US & Canada

President Obama calls for minority youth outreach programme

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Media captionAn emotional Obama recalled the anger he felt as a young man growing up without a father

US President Barack Obama has called for a national campaign to improve opportunities for black and Hispanic boys and young men.

Called My Brother's Keeper, his new initiative aims to overcome the socioeconomic conditions keeping such youth from thriving.

The White House said businesses had pledged $150m (£89m) to promote it.

The president said it was an "outrage" that black and Hispanic men in the US fared so much worse than white men.

"I believe the continuing struggles of so many boys and young men - the fact that too many of them are falling by the wayside, dropping out, unemployed, involved in negative behaviour, going to jail, being profiled - this is a moral issue for our country," Mr Obama said at the White House on Thursday, with more than a dozen black and Hispanic young men and boys standing behind him.

"It's also an economic issue for our country."

In a memorandum released on Thursday, the White House said the task force would focus on issues facing boys and young minority men under the age of 25.

Obama's 'bad choices'

America's first black president has generally avoided policies defined by race, the BBC's Beth McLeod reports from Washington DC, but in an emotional speech Mr Obama said it was an outrage that young Hispanic and African-American men have the odds stacked against them in US society.

President Obama said young men from this group were more likely to have no father in the house, end up behind bars, or become victims of violent crime.

The White House has cited the relatively high unemployment rate for black and Hispanic men over the age of 20 and a higher-than-national-average poverty rate for minority households.

"We've become numb to these statistics, we're not surprised by them, we take them as the norm," Mr Obama said.

"We just assume this is an inevitable part of American life, instead of the outrage that it is.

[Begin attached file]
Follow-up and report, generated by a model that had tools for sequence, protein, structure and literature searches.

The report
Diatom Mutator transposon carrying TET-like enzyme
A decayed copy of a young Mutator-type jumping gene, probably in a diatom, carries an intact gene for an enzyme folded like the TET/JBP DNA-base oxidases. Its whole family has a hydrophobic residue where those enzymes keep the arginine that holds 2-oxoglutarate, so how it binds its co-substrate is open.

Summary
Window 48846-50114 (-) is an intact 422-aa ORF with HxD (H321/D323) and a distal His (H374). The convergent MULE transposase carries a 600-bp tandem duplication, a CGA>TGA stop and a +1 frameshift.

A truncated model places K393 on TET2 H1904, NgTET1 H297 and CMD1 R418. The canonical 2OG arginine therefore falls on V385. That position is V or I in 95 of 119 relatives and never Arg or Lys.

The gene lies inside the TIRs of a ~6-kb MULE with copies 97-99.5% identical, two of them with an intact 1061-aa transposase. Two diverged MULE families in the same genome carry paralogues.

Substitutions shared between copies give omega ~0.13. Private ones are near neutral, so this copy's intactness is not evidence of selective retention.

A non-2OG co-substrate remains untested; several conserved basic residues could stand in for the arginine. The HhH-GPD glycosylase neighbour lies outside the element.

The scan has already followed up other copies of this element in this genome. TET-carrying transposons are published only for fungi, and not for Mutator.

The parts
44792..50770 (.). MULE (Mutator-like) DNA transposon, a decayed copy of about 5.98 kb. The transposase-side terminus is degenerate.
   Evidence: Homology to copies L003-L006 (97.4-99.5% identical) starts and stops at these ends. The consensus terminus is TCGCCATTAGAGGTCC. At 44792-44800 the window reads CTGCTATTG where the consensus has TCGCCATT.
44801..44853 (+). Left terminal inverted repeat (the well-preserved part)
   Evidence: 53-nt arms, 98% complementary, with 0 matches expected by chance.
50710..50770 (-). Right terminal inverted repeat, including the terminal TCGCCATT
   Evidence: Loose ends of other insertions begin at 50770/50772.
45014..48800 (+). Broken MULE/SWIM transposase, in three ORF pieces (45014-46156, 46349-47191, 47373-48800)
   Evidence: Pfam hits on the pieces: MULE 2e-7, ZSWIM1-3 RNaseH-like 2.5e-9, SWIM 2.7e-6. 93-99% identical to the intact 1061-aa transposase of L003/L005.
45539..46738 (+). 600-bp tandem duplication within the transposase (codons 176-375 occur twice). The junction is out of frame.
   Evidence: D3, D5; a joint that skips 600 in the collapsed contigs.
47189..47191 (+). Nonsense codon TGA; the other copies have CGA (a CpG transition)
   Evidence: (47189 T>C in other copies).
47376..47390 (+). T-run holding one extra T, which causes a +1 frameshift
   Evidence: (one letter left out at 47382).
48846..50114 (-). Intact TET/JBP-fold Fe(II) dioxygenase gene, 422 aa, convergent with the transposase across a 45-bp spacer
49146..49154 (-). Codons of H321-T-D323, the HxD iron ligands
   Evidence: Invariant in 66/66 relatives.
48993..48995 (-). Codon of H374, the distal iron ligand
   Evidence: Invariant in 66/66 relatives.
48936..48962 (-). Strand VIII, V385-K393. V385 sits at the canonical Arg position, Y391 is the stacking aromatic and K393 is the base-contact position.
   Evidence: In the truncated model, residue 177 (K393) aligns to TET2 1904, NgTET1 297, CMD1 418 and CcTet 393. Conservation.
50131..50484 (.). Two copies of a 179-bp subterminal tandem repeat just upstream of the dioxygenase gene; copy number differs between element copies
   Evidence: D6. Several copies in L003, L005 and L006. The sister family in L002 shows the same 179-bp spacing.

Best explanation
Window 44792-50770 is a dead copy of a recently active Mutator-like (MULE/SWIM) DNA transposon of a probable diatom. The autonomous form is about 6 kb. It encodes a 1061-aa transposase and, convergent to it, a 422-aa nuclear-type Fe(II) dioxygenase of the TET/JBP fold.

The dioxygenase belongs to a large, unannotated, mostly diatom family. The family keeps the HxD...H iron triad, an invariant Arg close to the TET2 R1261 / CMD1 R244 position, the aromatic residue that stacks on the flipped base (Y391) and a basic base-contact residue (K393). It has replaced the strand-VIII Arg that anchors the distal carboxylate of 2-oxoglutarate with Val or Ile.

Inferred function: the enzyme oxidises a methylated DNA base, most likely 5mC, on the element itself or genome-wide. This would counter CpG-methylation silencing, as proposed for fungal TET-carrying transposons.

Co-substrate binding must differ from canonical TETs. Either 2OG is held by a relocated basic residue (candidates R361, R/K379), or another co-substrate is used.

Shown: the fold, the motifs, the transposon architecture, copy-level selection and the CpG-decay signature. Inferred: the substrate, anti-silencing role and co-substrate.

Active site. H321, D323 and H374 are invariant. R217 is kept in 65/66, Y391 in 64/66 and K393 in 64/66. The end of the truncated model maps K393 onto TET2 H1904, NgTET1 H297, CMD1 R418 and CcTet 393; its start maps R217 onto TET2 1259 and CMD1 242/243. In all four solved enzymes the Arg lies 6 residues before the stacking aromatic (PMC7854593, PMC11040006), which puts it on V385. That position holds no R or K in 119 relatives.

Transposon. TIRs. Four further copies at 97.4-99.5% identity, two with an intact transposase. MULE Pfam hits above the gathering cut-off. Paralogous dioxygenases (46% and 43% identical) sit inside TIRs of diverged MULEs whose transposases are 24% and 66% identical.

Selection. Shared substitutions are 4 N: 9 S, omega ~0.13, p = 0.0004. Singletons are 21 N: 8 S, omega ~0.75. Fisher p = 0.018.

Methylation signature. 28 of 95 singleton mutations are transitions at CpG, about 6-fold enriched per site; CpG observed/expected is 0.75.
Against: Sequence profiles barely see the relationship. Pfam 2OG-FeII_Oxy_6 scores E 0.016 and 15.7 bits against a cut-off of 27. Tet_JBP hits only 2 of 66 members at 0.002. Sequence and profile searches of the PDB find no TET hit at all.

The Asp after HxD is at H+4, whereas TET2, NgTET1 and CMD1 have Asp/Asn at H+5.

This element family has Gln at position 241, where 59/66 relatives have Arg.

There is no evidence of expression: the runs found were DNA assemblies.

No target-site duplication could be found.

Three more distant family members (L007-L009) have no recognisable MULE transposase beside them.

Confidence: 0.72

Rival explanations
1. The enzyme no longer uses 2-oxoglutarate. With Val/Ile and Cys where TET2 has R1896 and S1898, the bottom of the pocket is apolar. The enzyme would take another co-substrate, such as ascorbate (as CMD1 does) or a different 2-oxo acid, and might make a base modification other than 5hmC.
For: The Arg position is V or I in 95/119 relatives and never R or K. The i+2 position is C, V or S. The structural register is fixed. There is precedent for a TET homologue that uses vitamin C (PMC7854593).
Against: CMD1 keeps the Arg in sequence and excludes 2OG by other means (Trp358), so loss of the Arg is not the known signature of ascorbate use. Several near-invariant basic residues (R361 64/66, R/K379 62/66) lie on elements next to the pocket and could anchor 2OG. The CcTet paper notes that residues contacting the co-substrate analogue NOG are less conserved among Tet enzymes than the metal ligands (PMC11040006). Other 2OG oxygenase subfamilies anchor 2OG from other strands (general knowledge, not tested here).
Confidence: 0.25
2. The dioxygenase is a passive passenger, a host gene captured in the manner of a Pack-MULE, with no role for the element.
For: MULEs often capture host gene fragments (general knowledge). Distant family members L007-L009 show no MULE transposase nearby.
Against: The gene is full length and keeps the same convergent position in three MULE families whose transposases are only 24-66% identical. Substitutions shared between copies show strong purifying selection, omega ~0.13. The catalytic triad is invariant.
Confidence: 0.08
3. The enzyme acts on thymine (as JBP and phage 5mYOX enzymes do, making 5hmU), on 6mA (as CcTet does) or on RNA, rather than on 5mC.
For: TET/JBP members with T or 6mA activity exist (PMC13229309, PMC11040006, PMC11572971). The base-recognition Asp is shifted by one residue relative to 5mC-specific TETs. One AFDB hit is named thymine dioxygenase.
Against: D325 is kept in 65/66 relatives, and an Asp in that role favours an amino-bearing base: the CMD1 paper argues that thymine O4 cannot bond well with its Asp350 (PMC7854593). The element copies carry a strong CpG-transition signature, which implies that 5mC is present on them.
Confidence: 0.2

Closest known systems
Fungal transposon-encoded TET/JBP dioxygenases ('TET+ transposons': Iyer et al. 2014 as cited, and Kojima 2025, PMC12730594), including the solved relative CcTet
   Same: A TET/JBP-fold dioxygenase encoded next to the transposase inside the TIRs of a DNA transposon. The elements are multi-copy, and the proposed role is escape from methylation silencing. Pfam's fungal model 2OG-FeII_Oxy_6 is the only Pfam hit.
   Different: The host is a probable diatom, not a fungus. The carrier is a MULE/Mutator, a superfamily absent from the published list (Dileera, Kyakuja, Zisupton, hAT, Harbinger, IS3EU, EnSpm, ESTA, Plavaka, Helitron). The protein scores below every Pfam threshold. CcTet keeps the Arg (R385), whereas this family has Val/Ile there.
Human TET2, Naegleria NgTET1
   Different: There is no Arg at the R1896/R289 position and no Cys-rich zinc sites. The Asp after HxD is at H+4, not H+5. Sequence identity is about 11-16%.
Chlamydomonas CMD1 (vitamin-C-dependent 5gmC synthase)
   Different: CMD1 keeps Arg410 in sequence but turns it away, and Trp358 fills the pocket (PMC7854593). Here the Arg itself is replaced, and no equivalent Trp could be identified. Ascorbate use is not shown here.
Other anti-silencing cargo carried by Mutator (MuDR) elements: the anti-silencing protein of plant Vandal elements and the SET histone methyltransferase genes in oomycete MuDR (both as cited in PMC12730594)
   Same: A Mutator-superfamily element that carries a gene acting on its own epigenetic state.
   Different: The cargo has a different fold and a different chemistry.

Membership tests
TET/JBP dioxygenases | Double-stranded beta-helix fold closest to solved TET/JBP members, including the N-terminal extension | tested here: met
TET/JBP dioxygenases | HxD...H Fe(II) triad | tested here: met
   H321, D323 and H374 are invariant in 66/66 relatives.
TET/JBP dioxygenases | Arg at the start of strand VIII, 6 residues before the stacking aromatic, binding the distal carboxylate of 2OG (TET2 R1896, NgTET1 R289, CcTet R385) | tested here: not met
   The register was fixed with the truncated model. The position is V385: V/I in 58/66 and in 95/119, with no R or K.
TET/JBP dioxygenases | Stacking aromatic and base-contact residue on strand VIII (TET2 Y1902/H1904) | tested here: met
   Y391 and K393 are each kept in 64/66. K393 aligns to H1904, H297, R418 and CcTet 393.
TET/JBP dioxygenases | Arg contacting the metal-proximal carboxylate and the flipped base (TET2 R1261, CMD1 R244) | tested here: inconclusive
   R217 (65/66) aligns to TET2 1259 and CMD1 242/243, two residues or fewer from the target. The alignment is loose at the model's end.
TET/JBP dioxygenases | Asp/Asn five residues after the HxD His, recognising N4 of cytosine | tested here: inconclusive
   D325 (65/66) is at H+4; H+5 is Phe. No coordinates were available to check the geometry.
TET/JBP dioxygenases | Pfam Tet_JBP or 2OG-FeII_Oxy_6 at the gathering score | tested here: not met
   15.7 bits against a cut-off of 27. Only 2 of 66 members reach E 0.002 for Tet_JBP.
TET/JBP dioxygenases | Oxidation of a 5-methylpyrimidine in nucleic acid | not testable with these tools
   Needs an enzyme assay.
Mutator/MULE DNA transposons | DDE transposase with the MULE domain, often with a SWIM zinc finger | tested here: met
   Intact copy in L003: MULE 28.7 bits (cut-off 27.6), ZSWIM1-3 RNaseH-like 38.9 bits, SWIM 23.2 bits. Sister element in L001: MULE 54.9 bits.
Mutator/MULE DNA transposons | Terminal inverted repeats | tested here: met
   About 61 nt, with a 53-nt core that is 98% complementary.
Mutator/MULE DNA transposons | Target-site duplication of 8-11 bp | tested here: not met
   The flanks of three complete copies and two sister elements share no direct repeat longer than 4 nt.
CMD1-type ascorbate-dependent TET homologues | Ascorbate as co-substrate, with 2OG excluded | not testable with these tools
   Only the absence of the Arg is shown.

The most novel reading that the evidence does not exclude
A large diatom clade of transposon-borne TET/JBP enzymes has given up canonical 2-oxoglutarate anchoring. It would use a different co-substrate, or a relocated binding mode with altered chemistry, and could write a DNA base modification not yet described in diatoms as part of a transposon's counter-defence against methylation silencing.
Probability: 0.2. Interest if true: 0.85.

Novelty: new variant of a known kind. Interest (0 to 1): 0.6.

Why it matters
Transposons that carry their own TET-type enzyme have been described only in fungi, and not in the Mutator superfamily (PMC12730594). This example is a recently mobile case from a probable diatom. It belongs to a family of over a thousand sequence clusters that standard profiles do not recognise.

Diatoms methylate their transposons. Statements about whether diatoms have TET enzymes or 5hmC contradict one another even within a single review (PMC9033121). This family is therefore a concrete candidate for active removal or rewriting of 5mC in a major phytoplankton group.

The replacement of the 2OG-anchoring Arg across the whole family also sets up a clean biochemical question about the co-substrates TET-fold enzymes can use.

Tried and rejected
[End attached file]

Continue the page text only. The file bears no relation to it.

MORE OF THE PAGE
"But these statistics should break our hearts. And they should compel us to act."

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Image caption Retired professional basketball player Magic Johnson attended President Obama's briefing on the initiative

He spoke of visiting a school near his home in Chicago and sharing with the boys there his own experience of growing up without a father, acknowledging to them that he had been angry about that and had made "bad choices" and "got high without always thinking about the harm that it could do".

"I could see myself in these young men," Mr Obama told the audience at the White House. "And the only difference is that I grew up in an environment that was a little bit more forgiving, so when I made a mistake the consequences were not as severe."

Mr Obama's new initiative calls for foundations and community groups to co-ordinate investment in support programmes to keep young Hispanic and black men in school and away from crime.

Life-long endeavour

A public online portal called What Works will provide access to data about such programmes.

To start the programme, a new federal task force will look at several issues affecting young men.

These include access to childhood support, grade school literacy, pathways to university and careers, as well as interactions with the criminal justice system and violent crime.

President Obama earlier met with foundation and business leaders and senior government officials to discuss the initiative and to thank them for their support.

According to the White House, business leaders have already invested $150m and plan to invest another $200m in the project over the next five years.

Senior White House adviser Valerie Jarrett described the effort earlier on Thursday as the beginning of a life-long endeavour for Mr Obama and his wife Michelle.

Ms Jarrett told US media it was a "moral, social responsibility that they feel will transcend the time that he's president".

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